It was the night before Christmas, when normally nothing newsworthy stirs. Like a thief in the night, that was the moment selected with precision by U.S. Treasury Secretary Timothy Geithner to stealthily announce a radical policy shift regarding the two bankrupt Government Sponsored Entities (GSEs), Fannie Mae and Freddie Mac. When both of these mortgage giants teetered on the edge of insolvency in September 2008, they were placed under the largesse of the federal government and the overburdened American taxpayer. In the early days of the Obama administration, $400 billion was established as the maximum guarantee the Treasury Department would provide to these two GSEs to ensure their survival. It was highly unlikely that anything close to $400 billion would be the ultimate cost to the American taxpayer, so assured the Treasury Department. But amid the reassuring rhetoric, something very peculiar is obviously being hatched by Geithner and Company.
On Christmas Eve, one of the quietest news days of the year, the U.S Treasury announced that in lieu of the previous $400 billion backstop, the U.S. taxpayers will now provide unlimited financial support to ensure the survival and liquidity of Fannie Mae and Freddie Mac for the next 3 years. Apparently, by slipping in this policy change near year end, no new legislation is required from Congress. Which is just as well, since it is unlikely that such an unfathomable level of bailout support would be approved by Congress during a mid-term election year.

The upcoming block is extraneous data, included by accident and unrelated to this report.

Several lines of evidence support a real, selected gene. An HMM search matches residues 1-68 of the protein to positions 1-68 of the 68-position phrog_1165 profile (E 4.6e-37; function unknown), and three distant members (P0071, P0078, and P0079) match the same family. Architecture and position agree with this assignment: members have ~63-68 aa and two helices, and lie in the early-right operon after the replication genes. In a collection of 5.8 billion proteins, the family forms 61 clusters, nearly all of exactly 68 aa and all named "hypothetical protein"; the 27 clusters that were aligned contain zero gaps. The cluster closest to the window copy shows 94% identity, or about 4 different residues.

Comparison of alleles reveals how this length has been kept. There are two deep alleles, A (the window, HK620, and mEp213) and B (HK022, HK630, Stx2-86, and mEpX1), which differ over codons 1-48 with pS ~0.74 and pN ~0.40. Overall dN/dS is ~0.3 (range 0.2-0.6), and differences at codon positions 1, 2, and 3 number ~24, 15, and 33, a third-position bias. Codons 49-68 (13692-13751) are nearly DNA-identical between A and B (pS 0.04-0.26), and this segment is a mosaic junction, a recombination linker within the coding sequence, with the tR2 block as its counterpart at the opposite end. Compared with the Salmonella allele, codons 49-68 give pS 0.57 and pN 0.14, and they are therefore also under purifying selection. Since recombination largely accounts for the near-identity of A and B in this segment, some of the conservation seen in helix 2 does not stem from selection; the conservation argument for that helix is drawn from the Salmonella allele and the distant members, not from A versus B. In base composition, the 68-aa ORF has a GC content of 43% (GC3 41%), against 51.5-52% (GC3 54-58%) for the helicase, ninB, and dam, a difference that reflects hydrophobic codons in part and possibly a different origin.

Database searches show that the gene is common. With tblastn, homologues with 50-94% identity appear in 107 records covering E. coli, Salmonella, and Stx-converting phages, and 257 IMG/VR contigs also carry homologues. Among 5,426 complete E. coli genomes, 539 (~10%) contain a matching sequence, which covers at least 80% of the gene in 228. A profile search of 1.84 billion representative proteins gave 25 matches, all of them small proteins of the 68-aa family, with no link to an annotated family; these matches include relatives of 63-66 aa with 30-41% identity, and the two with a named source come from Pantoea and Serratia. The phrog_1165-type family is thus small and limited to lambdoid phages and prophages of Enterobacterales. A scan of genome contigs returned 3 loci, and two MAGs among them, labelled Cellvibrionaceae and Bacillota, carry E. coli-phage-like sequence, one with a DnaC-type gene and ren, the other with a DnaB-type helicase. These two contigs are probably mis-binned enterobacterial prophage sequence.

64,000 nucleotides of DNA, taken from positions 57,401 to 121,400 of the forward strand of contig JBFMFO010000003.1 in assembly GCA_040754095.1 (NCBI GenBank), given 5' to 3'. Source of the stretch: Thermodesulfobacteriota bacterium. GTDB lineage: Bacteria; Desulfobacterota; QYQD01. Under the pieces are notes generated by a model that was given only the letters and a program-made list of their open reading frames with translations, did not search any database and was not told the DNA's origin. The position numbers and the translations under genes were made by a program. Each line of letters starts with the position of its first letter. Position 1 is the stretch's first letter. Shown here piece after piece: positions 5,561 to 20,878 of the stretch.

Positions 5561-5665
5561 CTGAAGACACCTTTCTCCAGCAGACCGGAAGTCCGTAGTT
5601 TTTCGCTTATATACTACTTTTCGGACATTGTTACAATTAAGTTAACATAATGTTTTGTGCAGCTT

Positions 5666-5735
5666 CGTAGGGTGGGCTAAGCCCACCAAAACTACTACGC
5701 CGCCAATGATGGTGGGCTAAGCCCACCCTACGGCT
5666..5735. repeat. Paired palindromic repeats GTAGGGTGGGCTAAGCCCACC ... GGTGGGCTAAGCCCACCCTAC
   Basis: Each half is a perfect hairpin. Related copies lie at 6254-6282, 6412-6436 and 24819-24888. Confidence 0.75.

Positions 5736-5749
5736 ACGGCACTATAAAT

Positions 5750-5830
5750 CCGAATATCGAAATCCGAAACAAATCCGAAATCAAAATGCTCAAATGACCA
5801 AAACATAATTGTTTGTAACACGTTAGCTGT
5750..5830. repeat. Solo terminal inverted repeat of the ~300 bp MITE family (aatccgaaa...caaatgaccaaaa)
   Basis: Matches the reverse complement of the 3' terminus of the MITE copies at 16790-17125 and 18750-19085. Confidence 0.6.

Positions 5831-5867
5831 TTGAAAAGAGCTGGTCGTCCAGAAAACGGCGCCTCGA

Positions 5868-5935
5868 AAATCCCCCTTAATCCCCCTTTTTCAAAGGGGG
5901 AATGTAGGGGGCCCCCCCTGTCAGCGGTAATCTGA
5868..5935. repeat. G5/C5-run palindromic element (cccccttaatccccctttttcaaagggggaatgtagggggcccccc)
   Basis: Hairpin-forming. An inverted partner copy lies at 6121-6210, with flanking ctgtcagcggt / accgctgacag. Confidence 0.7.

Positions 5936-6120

The real question is this: if, as Treasury originally claimed, a $400 billion guarantee was more than sufficient for these two GSEs, why sneak in a new taxpayer commitment, with no limits? Speculation is rife, and being fed by the total lack of transparency on the part of Timothy Geithner and his minions. However, this much is clear: Fannie Mae and Freddie Mac collectively underwrite or guarantee half of all the residential mortgages in the United States. If the U.S. Treasury is privy to data on emerging trends on mortgage defaults and residential real estate deflation, there must be something Geithner and his team are cognizant of that they are too frightened to share with the American public, and are spooked to a level that requires such a surreal form of taxpayer guarantee.
With more than $5 trillion of mortgages sitting on the balance sheets of these two GSEs, a new wave of bad real estate news could conceivably witness the American public assume responsibility for another trillion dollars in bad debts, without a single vote by Congress. There is much more to this story than meets the eye, and the policymakers at U.S. Treasury desperately want to keep the full picture as to why they enacted such a massive overdose of moral hazard in the dark of night under wraps. But a Christmas Eve news dump only obfuscates reality, as opposed to making it disappear. Red lights and shrill klaxons must be going off at Treasury. As with much else involving the global economic and financial crisis, however, the public will be the last to be enlightened when the rationale underlying the decision to guarantee all the financial obligations of Fannie Mae and Freddie Mac to infinity can no longer be suppressed.
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